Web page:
The Use of Ultrasound in Remediation of North American English /r/ in 2 Adolescents PurposeUltrasound can provide images of the tongue during speech production. The present study set out to examine the potential utility of ultrasound in remediation of North American English /r/.MethodThe participants were 2 Canadian English-speaking adolescents who had not yet acquired /r/. The study included an initial period without ultrasound and ... Research
Research  |   May 2007
The Use of Ultrasound in Remediation of North American English /r/ in 2 Adolescents
 
Author Affiliations & Notes
  • Marcy Adler-Bock
    University of British Columbia, Vancouver, British Columbia, Canada
  • Barbara May Bernhardt
    University of British Columbia, Vancouver, British Columbia, Canada
  • Bryan Gick
    University of British Columbia, Vancouver, British Columbia, Canada
  • Penelope Bacsfalvi
    University of British Columbia, Vancouver, British Columbia, Canada
  • Disclosure Statement
    Disclosure Statement×
    Barbara M. H. Bernhardt is a coauthor of the Computerized Articulation and Phonology Evaluation System (CAPES) and thus has a financial interest in the software. Some of the /r/ words for this study were elicited with the CAPES pictures. However, the particular words could have been elicited with any set of pictures (i.e., CAPES was not essential to the study) and do not have an impact on the results of the study.
    Barbara M. H. Bernhardt is a coauthor of the Computerized Articulation and Phonology Evaluation System (CAPES) and thus has a financial interest in the software. Some of the /r/ words for this study were elicited with the CAPES pictures. However, the particular words could have been elicited with any set of pictures (i.e., CAPES was not essential to the study) and do not have an impact on the results of the study.×
  • Contact authors: Barbara Bernhardt or Marcy Adler-Bock, School of Audiology and Speech Sciences, 5804 Fairview Avenue, Vancouver, BC, Canada, V6T 1Z3. E-mail: bernharb@interchange.ubc.ca or marcy.adler-bock@vch.ca.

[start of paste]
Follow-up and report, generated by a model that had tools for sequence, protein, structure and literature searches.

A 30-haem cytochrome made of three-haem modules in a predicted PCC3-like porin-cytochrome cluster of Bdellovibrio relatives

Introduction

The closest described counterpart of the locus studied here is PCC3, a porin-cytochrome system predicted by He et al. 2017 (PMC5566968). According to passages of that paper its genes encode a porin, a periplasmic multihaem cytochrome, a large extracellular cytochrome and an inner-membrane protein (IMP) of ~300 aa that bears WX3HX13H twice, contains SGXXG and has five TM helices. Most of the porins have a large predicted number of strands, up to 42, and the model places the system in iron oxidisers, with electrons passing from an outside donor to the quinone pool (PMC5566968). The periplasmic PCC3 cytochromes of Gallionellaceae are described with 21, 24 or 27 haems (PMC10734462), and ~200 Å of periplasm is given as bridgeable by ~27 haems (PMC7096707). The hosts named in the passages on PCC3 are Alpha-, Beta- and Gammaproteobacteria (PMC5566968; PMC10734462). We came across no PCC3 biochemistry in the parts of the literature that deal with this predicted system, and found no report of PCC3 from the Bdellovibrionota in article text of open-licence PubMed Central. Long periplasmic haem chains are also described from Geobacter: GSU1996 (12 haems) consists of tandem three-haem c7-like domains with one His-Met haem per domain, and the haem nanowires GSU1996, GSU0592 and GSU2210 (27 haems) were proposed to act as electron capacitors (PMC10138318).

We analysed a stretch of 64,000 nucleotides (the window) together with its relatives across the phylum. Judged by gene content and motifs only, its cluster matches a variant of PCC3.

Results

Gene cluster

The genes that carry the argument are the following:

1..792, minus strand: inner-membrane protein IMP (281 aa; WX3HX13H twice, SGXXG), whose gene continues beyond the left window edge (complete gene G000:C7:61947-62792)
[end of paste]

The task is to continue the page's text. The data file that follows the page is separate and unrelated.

• © 2007 American Speech-Language-Hearing Association
Article Information
Speech, Voice & Prosodic Disorders / Hearing & Speech Perception / Acoustics / Speech, Voice & Prosody
Research   |   May 2007
The Use of Ultrasound in Remediation of North American English /r/ in 2 Adolescents
American Journal of Speech-Language Pathology, May 2007, Vol. 16, 128-139. doi:10.1044/1058-0360(2007/017)
History: Received May 6, 2005 , Revised December 1, 2005 , Accepted September 25, 2006
 
American Journal of Speech-Language Pathology, May 2007, Vol. 16, 128-139. doi:10.1044/1058-0360(2007/017)
History: Received May 6, 2005; Revised December 1, 2005; Accepted September 25, 2006
Web of Science® Times Cited: 25

PurposeUltrasound can provide images of the tongue during speech production. The present study set out to examine the potential utility of ultrasound in remediation of North American English /r/.

MethodThe participants were 2 Canadian English-speaking adolescents who had not yet acquired /r/. The study included an initial period without ultrasound and 13 treatment sessions, each 1 hr long, using ultrasound. Speech samples were recorded at screening and immediately before and after treatment. Samples were analyzed acoustically and with listener judgments. Ultrasound images were obtained before, during, and after the treatment period.

ResultsThree speech-language pathologists unfamiliar with the participants rated significantly more posttreatment tokens as accurate [r]s in single words and some phrases. Acoustic analyses showed an expected lowering of the third formant after treatment. A qualitative observation of posttreatment ultrasound images for accurate [r] tokens showed tongue shapes to be more similar to those of typical adults than had been observed before treatment. Participants needed continued practice of their newly acquired skills in sentences and conversation.

ConclusionTwo-dimensional dynamic ultrasound appears to have potential utility for remediation of /r/ in speakers with residual /r/ impairment. Further research is needed with larger numbers of participants to establish the relative efficacy of ultrasound in treatment.

Acknowledgments
This study was funded by summer research grants from British Columbia Medical Services Foundation and Canada’s Natural Sciences and Engineering Research Council and was conducted according to ethical procedures of the university’s ethics review committee. We acknowledge the Canada Foundation for Innovation for funding the Interdisciplinary Speech Research Laboratory (ISRL) at the University of British Columbia and ultrasound equipment. The project would not have been possible without the hard work of the participants and their families, and we would like to gratefully acknowledge their enthusiastic participation. Our appreciation also extends to Bosko Radanov and Shaffiq Rahemtulla for assistance in the ISRL, and to the SLP listeners for their time.
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